ALEX Thomson is, in his own words, lucky to be alive.

He had been tipped for glory in the most prestigious yacht race in the world, the Vendée Globe, but three weeks before the start, his campaign was thrown into jeopardy when a French fishing boat smashed into his yacht, missing where Thomson lay by just a few centimetres.

Thomson, 34, from Gosport, was then dealt a further blow during the race, when he collided with an unknown object floating in the Bay of Biscay.

Taking on water quickly, he was left with no choice but to return to port – and retire from the race.

Click above to see Thomson's team battling to get Hugo Boss ready for the race start...

It was a huge blow for the young sailor, hugely respected in the sailing world and thought of as something of a maverick.

“I am lucky to be alive,” he said.

“Had the fishing boat hit half a metre back I would have been killed. Half a metre forward and the boat would have been irreparable. From then on it was a real rollercoaster.”

Like many of the world’s best solo sailors, Thomson has been working towards the Vendée Globe race for the past four years.

After a dramatic rescue by fellow Hampshire yachtsman Mike Golding in the Velux 5 Oceans race, Thomson bounced back to second place in the Barcelona World Race the following year, smashing his own 24-hour distance record.

... and click here to see the moment Thomson's campaign was brought to an end.

Thomson was tipped as one of the Vendée favourites, but disaster struck when his yacht was holed just hours after arriving at Les Sables D’Olonne.

Thomson’s yacht Hugo Boss II had been moored two miles from the marina entrance when the 60ft fishing boat smashed into the yacht’s starboard side at about 2.30am.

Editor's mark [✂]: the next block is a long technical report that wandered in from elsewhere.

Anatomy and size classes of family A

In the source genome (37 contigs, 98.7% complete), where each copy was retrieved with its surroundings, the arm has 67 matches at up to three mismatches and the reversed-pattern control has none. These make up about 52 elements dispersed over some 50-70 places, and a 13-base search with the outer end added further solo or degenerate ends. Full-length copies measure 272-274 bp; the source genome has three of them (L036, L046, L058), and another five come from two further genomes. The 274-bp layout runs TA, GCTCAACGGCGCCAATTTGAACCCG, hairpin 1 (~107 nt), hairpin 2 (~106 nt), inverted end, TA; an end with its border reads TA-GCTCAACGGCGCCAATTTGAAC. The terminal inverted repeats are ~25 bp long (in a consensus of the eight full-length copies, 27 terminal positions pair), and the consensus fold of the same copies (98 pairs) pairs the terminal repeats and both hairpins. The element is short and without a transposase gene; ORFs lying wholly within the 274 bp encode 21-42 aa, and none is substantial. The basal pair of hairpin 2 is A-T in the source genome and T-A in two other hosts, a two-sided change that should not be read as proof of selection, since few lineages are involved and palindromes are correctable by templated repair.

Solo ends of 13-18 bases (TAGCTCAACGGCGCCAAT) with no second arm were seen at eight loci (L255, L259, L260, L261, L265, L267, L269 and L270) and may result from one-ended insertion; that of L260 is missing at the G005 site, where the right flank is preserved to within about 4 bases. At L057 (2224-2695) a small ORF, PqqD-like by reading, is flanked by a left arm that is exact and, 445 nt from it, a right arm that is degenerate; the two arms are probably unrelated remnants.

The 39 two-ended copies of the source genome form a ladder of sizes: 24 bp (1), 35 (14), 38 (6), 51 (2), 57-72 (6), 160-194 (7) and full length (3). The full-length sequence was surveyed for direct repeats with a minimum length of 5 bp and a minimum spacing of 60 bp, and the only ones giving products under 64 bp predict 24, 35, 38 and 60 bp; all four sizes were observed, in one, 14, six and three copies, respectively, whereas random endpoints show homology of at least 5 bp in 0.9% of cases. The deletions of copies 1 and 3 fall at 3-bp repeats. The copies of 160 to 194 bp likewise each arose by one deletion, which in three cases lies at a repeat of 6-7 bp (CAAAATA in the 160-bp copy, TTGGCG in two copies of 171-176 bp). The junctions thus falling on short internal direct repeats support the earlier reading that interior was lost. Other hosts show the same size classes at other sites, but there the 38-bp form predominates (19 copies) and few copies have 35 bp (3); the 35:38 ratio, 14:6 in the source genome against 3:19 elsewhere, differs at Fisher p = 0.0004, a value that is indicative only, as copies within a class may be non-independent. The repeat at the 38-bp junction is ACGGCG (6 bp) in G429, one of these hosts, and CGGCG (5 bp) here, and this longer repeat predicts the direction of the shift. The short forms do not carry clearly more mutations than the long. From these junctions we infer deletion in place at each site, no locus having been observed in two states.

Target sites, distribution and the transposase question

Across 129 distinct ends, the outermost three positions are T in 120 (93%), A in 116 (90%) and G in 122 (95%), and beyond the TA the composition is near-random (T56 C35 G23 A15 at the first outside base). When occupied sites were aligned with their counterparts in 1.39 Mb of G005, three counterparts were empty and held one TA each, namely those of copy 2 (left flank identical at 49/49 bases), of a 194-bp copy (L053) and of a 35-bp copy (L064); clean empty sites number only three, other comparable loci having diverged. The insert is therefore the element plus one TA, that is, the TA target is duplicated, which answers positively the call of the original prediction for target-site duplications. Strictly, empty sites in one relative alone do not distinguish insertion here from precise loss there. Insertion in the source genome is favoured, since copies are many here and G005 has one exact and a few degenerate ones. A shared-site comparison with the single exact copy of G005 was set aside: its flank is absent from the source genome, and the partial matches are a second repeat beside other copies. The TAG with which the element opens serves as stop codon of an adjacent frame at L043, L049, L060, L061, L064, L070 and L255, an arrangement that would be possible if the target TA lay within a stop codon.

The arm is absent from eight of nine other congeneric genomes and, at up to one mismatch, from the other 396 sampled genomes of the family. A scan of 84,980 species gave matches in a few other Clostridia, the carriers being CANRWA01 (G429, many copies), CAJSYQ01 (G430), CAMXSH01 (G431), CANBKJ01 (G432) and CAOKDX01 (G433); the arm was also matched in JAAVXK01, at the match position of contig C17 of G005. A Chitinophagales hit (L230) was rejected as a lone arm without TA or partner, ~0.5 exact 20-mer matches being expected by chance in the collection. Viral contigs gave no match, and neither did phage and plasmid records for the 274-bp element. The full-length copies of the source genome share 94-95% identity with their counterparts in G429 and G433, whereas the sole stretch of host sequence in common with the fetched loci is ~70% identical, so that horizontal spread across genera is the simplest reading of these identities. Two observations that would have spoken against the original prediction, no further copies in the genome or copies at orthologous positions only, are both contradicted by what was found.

The mast was brought down in the collision, and the yacht was left with a large hole in its bow.

It was a crash that could have had much more serious consequences.

With three weeks to go until the race start, Thomson’s team worked nearly 24 hours a day in rolling shifts to get the yacht fixed.

The sailing world rallied behind the team and miraculously, with just days to go, Thomson confirmed that he would be starting.

“The team did an absolutely amazing job,” he said. “They nearly destroyed themselves trying to get the boat to the start line.

“I’m convinced that had it happened anywhere else in the world we wouldn’t have made it, but everyone in Les Sables was amazing and got behind us.

“We finally got there and then to have it all dragged away from us again was devastating.”

Three days into the race, Thomson’s worst nightmare was realised when he discovered water pouring into Hugo Boss’ hull from a crack in the port side.

Race rules stipulate that competitors can only return to the port they started from to make repairs, so immediately Thomson turned round and headed back, forced to bail out the water every three hours.

“Discovering the leak was terrible,” he said. “You know when you’ve got water coming into your boat that you’ve got a big problem on your hands.

“Those few days spent sailing back to Les Sables were absolutely horrific.

“I did a lot of my grieving during those days. We only realised the true extent of the damage when the boat was lifted out of the water – the whole team was absolutely gutted.”

Hugo Boss’ structural engineer was first on the scene, and it didn’t take long for him to give his diagnosis – the damage would take weeks to repair, and Thomson’s Vendée Globe was over.

Now back in the UK, Thomson has had time to reflect on the events of the past few weeks – and now has to watch his fellow competitors continue the race.

“To begin with, following the race was pretty tough, knowing I should be out there,” he said. “But it is quite quickly becoming normal to be back home again.

“There are a lot of positives to take from our campaign – for a start I am still alive to fight another day. The short-term goal is to get the boat back, get it fixed and allow the team to recuperate.

“A Vendée campaign is a very daunting thing to have to start again but it’s something I’m determined to do.”

ALEX Thomson has teamed up with SailSolent to bring you expert analysis of the Vendée Globe race. Starting next week, Alex will be giving his expert opinion on all the ups and downs of the race as they unfold.

Don’t miss Alex’s column each Thursday in SailSolent.